In McDonnell Douglas v. Green, the Supreme Court created a structure for asserting discrimination claims based on circumstantial evidence using a burden-shifting analysis. Under the McDonnell Douglas framework, the employee carries the burden of first establishing a prima facie case of age discrimination by showing that he or she:

  1. Is 40 years of age or older,
  2. Is qualified to perform the job function required by the position,
  3. Suffered an adverse employment action, and
  4. Was replaced by someone who is “substantially” younger, or that there exists other evidence showing the termination occurred in circumstances that would raise a reasonable inference of unlawful age discrimination.

Significantly, as the Supreme Court held in O’Connor v. Consolidated Coin Caterers, the fourth element does not require the replacement to be outside of the protected age group. For example, a 55 year old employee still satisfies the fourth element even though his replacement may be 45 years old and also within the protected class. In Knight v. Avon Products, the SJC further defined the fourth element, concluding that “an age disparity of less than five years, by itself, is too insignificant to support a prima facie case of age discrimination.” The SJC also stated that, even if with an age disparity of less than five years, a plaintiff may still satisfy the fourth element by introducing other “evidence to permit the jury to find that age was determinative cause in the termination.”

Once the employee satisfies these elements, it becomes the employer’s burden to allege a legitimate, non-discriminatory reason for taking the adverse employment action. From there, the burden shifts back to the employee to show that the reason is pretextual, which allows a judge or jury to draw a reasonable inference of age discrimination. In our experience, this can be accomplished in several ways, including the use of similarly situated comparators, the employer’s failure to state a consistent reason for the adverse employment action, and the lack of supporting documentation.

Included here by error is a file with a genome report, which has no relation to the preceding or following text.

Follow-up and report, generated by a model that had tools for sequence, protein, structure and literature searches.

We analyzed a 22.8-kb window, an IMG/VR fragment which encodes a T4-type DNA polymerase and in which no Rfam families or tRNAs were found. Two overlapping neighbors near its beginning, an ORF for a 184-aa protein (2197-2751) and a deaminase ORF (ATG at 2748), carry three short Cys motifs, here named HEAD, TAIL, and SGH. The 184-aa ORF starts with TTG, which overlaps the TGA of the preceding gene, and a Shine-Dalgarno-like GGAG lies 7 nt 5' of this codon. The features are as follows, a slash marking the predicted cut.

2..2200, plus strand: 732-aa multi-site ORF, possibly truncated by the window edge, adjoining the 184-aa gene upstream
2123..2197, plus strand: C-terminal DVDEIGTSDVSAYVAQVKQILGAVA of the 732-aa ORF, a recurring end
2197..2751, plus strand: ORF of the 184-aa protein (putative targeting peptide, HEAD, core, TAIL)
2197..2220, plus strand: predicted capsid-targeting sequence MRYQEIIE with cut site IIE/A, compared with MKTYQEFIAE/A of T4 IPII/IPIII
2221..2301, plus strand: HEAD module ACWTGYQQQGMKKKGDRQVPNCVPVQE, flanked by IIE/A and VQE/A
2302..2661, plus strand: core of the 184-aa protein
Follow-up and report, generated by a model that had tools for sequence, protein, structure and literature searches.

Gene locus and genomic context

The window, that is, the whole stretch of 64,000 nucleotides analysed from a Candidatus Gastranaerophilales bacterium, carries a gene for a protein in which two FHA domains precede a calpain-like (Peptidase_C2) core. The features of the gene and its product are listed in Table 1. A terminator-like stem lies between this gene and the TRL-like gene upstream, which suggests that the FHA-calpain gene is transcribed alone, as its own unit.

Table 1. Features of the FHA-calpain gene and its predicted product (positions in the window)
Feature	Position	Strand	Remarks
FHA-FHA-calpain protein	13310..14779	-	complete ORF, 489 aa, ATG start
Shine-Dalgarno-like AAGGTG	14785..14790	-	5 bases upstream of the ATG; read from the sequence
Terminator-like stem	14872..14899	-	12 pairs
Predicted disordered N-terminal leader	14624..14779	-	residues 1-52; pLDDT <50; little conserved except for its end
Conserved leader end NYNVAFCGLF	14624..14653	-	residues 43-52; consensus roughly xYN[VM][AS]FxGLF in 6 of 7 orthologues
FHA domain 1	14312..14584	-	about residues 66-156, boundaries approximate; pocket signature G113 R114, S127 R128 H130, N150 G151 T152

Significant Age Discrimination Legal Precedent

In Reeves v. Sanderson Plumbing, which involved claims of age discrimination under the ADEA, the Supreme Court resolved a conflict among circuit courts. There, the Court found that an employee may prevail at trial where he establishes a prima facie case of age discrimination under the burden-shifting framework and offers sufficient evidence for a reasonable factfinder to doubt the employer’s alleged non-discriminatory explanation for its decision.

Later, much debate followed the Gross v. FBL Financial Services decision, where the Supreme Court interpreted the statutory language under Section 623(a) of the ADEA prohibiting an employer from taking an adverse action against an employee “because of such individual’s age.” In doing so, the Supreme Court concluded:

We hold that a plaintiff bringing a disparate-treatment claim pursuant to the ADEA must prove, by a preponderance of the evidence, that age was the “but-for” cause of the challenged adverse employment action. The burden of persuasion does not shift to the employer to show that it would have taken the action regardless of age, even when a plaintiff has produced some evidence that age was one motivating factor in that decision.